The world of theatre is a magical and spectacular place to me. It brings words that I love and cherish to life in myriad ways, both beautiful and grotesque, joyful and sorrowful, heartwarming and heart-wrenching. The caliber of the performances in front of me are, to me, extensions of the words being portrayed and said, and their value lies in their authenticity and faithfulness to the story. But that’s just me. I might be wrong. I take the bookworm approach to everything in life.

Communication as Culture

In our readings, we absorb a lot of references, examples, and literary “white noise,” but the theories we study are simple in their inclusive universality. The concept of communication as culture refers to the understand that communication, in all its forms, transformations, and interpretations, is a form of culture. Silverstone mentions that media and society cannot be separated, because they are interdependent, media feeds on society and society needs media to act as its moral and cultural compass.

Communication transcends distance, geography, language, race, ethnicity, what-have-you, in order to convey a message, whatever that message may be, to the world, whether it be to a designated target demographic or the world in general. The internet, for example, the modern-day evolutionary apotheosis of expression, is a perfect embodiment of this concept. “Communication as culture” on the internet, or online, in general, is evident in our everyday life. We post and like pictures on Instagram and interact with strangers from around the world, all of us different, yet sharing the experience of the online photo sharing application and participating in the “selfie” culture that it promoted.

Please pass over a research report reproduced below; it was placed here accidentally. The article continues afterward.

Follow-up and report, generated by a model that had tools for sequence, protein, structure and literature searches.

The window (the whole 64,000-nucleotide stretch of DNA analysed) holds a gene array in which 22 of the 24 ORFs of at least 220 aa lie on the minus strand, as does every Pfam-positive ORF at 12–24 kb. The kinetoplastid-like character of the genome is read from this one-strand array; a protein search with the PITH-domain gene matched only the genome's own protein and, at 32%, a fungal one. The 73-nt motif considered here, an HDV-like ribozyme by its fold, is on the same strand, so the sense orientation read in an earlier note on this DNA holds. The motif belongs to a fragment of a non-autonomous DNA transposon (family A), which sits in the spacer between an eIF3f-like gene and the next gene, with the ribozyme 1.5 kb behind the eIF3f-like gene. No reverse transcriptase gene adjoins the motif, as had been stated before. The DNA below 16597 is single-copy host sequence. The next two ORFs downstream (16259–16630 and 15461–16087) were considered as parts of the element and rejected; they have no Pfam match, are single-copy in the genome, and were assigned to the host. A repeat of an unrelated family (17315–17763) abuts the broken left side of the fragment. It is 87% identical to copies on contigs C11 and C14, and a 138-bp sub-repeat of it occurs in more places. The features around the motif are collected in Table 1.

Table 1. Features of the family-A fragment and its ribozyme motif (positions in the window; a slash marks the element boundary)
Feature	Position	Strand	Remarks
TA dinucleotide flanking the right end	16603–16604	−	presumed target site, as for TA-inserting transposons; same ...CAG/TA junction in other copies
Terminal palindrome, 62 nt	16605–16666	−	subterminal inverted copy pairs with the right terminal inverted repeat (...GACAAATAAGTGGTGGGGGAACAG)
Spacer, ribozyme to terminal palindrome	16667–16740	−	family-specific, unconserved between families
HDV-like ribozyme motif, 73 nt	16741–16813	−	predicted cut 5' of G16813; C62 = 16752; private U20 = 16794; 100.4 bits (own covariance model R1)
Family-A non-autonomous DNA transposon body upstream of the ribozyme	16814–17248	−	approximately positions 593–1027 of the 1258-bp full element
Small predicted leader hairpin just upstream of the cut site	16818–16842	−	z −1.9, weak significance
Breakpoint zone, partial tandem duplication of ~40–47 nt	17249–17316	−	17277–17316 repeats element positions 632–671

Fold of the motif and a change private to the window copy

Communication knows no bounds, as it is the incarnation of man’s innate need for expression. It evolves with us; growing from cave paintings to pigeons to snail mail to telegrams to phones to televisions to emails to Instagram pictures of cats in ugly Christmas sweaters. Communication, and by extension, media, is our culture.